Economy, Business And Markets

Visit by Omanis Opens New Vistas for 2-Way Trade

Visit by Omanis Opens  New Vistas for 2-Way TradeVisit by Omanis Opens  New Vistas for 2-Way Trade

An Omani trade delegation, comprised of more than 50 high-ranking business owners and investors, held negotiations with Iranian companies and industry players in Tehran on Saturday.

The delegation, headed by Said bin Saleh al-Kiyumi, the chairman of Oman chamber of commerce and industry, came to Iran after months of negotiations with the joint Iran-Oman chamber of commerce based in Tehran.

The visit comes as the two countries are seeking to expand economic ties amid cordial political relations the two sides have maintained for decades.

Muscat, which has always tried to take a neutral intermediary position in the regional political arena, maintains close ties with all the Persian Gulf countries including Iran. The sultanate has played a crucial intermediary role in helping resolve the dispute over Iran’s nuclear energy program and facilitated the negotiations between Tehran and the western powers.

 Unimpressive Trade

Meanwhile, the unimpressive trade volume between the two nations, which is estimated to be below $1 billion, has galvanized the private sector in Tehran and Muscat into action.

Among the main objectives of the chambers of commerce in Iran and Oman is to familiarize businesspeople from both sides with trade opportunities each country has to offer. This is especially important for Omani merchants and companies who seem to have very limited information about the business environment in Iran.

“We managed to invite the Omani delegation including royal family members and top managers of Omani banks as well as reputable trading companies to come see at first hand the huge business potential in our country,” Mohsen Zarrabi, the head of Iran-Oman Joint Chamber of Commerce, Industries, Mines, and Agriculture, told the Financial Tribune.

 Transport Cooperation

One reason behind the Omanis’ will to seek business with Iran is the regional transportation corridor agreed between Iran, Oman, Turkmenistan, Uzbekistan, and Qatar. The so-called North-South Corridor has encouraged the two country’s transportation sectors to try find new ways to boost cooperation, Ahmed Ali Akak, deputy CEO of the port of Salaleh, told the Financial Tribune.    

“The sultanate has made huge investments to develop three major ports of Sohar, Salaleh, and Duqm. The ports enjoy state-of-the-art facilities. The Islamic Republic of Iran has access to the Commonwealth of Independent States (CIS), therefore we have a better connectivity to the open seas and can complement one another. The transportation agreement will help strengthen our international trade because it will enable us to access different areas. Oman is going to build on the connectivity and act as a facilitator to Iran and the countries beyond,” Akak added.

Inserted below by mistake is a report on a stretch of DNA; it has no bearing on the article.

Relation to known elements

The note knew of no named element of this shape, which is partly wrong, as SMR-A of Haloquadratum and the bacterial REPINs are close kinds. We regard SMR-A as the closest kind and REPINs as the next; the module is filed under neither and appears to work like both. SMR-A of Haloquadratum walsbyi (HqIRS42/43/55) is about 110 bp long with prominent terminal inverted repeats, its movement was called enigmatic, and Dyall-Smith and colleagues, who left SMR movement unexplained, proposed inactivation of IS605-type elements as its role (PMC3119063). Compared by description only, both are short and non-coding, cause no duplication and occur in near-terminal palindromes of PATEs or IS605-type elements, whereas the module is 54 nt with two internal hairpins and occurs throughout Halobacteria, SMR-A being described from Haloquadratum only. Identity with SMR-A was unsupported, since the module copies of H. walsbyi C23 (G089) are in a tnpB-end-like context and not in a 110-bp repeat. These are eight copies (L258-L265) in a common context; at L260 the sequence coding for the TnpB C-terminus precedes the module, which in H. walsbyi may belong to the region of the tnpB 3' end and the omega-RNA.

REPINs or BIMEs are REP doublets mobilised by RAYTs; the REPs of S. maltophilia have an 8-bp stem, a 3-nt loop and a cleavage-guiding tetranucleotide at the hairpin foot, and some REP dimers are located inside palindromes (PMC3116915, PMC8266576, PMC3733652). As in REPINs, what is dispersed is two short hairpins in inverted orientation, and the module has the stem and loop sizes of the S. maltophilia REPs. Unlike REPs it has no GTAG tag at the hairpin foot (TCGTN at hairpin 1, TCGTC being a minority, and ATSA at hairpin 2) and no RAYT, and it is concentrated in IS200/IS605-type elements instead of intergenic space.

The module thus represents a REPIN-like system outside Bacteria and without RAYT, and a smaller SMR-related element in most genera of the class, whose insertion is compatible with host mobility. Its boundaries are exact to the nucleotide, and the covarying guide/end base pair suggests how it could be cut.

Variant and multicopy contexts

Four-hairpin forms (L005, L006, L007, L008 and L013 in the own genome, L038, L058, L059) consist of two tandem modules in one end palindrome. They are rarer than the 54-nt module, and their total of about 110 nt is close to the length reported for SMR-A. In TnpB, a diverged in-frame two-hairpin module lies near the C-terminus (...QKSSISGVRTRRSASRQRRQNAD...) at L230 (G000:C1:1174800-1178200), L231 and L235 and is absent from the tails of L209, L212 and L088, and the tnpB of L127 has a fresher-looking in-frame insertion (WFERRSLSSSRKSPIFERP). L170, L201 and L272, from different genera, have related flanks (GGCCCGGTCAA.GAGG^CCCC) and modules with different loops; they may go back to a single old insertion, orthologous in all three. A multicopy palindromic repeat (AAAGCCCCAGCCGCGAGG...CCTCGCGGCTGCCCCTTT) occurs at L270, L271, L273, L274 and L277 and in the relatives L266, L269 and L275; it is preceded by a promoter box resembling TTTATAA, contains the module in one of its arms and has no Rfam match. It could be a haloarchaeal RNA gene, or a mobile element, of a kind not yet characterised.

Private Sectors

“We must capitalize on the right sectors to secure serious business deals. During the past decades, the two countries have had excellent political and diplomatic relations but trade has not been satisfactory. I believe boosting bilateral economic ties is easily attainable once the two governments establish the legal frameworks and then act only as facilitators to pave the way for the private sector to play the pivotal role in doing business,” Akak responded to the Financial Tribune’s question on whether a final nuclear deal with the West will help increase trade between the two Persian Gulf neighbors.

During the Saturday meetings in Tehran, Omani and Iranian officials at the chambers of commerce briefed the other side’s businesspeople on the investment opportunities and possible joint cooperation, after which a business-to-business session was held.

Interaction between the private sector entities of both sides can elevate the prospect of growing bilateral relations, especially after the financial and banking restrictions on Iran are removed.